Tags: Baltimore Riots | Exclusive Interviews | Bernie Kerik | Baltimore | Freddie Gray | gangs | thugs

Bernie Kerik to Newsmax: Police Gave Rioters 'Too Much Distance'

By    |   Tuesday, 28 April 2015 09:13 PM

Baltimore rioters were permitted too much distance from police Monday night, allowing them to loot and burn businesses and cars, former New York City Police Commissioner Bernard Kerik said Tuesday on Newsmax TV's "Newsmax Prime."

The New York Times quoted a police spokesman saying restraint was shown because most of the protesters were minors.

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"It could be a combination of that and the message that came from the mayor to give these people distance," Kerik told host J.D. Hayworth. "And basically, they give them too much distance. It wasn't a peaceful protest. These were rioters. These were people pillaging and destroying property."

Maryland Gov. Larry Hogan has called in the National Guard and said riots won't be repeated.

Kerik noted that other resources have been brought in as well, including 150 New Jersey state troopers and the Maryland state police.

"Hopefully, they can keep it under control," Kerik said.

Thomas Ruskin, a former NYPD detective, told Hayworth the police should have been given their marching orders a day earlier.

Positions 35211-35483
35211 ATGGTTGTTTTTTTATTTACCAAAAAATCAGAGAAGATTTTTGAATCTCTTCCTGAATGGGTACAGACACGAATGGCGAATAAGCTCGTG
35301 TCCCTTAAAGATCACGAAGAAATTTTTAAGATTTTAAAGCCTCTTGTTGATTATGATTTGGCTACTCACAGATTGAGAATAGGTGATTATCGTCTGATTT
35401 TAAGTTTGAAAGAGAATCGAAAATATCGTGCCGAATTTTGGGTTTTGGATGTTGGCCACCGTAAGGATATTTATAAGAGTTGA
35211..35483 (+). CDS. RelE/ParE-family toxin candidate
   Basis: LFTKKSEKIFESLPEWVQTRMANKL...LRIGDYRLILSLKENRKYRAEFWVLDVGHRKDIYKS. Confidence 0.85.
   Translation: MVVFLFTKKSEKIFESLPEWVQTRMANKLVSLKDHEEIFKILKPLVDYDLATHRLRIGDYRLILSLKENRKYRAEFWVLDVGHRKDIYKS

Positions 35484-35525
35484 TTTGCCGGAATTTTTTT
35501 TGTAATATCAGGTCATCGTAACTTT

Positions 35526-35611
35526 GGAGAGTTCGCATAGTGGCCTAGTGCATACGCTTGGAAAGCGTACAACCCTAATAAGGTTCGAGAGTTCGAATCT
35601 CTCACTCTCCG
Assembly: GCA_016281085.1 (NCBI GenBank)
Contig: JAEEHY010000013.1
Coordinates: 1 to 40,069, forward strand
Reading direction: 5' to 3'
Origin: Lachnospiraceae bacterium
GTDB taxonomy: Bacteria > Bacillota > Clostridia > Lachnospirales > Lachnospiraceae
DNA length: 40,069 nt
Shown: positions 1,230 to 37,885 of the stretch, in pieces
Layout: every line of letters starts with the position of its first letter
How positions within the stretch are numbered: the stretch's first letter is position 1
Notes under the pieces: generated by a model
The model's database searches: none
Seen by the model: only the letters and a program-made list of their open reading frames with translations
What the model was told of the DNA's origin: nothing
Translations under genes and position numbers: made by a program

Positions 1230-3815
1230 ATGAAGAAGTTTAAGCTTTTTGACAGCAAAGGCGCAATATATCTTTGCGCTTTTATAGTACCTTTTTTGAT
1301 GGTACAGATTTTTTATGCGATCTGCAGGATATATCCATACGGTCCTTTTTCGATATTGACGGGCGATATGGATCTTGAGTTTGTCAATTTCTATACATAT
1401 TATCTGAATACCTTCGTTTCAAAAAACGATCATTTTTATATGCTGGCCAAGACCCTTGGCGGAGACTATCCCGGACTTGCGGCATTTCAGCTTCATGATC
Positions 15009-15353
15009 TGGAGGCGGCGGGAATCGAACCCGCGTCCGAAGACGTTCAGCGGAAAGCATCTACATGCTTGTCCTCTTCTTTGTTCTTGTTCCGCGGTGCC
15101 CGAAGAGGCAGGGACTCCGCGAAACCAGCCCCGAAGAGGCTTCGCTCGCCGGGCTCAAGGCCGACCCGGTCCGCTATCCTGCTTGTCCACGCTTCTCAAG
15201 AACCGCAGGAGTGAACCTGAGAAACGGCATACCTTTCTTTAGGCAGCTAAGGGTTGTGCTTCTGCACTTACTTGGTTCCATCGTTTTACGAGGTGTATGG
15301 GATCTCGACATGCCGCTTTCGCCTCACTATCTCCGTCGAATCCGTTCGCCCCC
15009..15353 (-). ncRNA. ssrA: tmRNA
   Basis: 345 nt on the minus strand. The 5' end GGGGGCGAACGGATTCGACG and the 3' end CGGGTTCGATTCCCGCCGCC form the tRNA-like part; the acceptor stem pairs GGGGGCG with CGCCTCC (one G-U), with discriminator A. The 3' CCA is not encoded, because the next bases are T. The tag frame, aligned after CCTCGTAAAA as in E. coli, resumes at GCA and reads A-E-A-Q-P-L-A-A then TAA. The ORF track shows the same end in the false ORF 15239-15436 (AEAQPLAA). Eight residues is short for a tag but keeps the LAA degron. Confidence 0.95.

"And they should have been allowed to do police work last night, not stand up the street and watch people in stolen cars driving through lit debris in the street and causing people's businesses to be looted and burned, Ruskin said.

Former Rep. Michael Patrick Flanagan noted that while 20 police officers were injured by rioters throwing bricks, rocks, and bottles, no protesters have been reported to have been hurt.

That shows the police were shackled from doing their jobs, the Illinois Republican said. It also shows the protesters are professionals, he added.

"These are gang-related activities," Flanagan said. "These are not the same people who were having quiet protests before the funeral" of 25-year old Freddie Gray. Gray died in police custody of a nearly severed spinal cord, sparking the protests.

Political analyst Larry Elder said that reports of a gang "truce" to protect the neighborhood won't last. When the Rev. Martin Luther King Jr. said, "Riots are the language of the unheard," there were no major cities with black mayors, black leadership in law enforcement, or a police department that is 43 percent black as is the case today in Baltimore, Elder said.

"This is just thuggish behavior, and it should be called as such," Elder said.

Ruskin said he has never heard of gangs looking out for the community.

"The only thing I've heard a gang doing is destroying a community, destroying the neighborhood," bringing in drugs and violence, he said. "They protect their own turf, but they don't protect neighborhoods."

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Baltimore rioters were permitted too much distance from police Monday night, allowing them to loot and burn businesses and cars, former New York City Police Commissioner Bernard Kerik said Tuesday on Newsmax TV's "Newsmax Prime."
Bernie Kerik, Baltimore, Freddie Gray, gangs, thugs, riots, distance, police
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2015-13-28
Tuesday, 28 April 2015 09:13 PM
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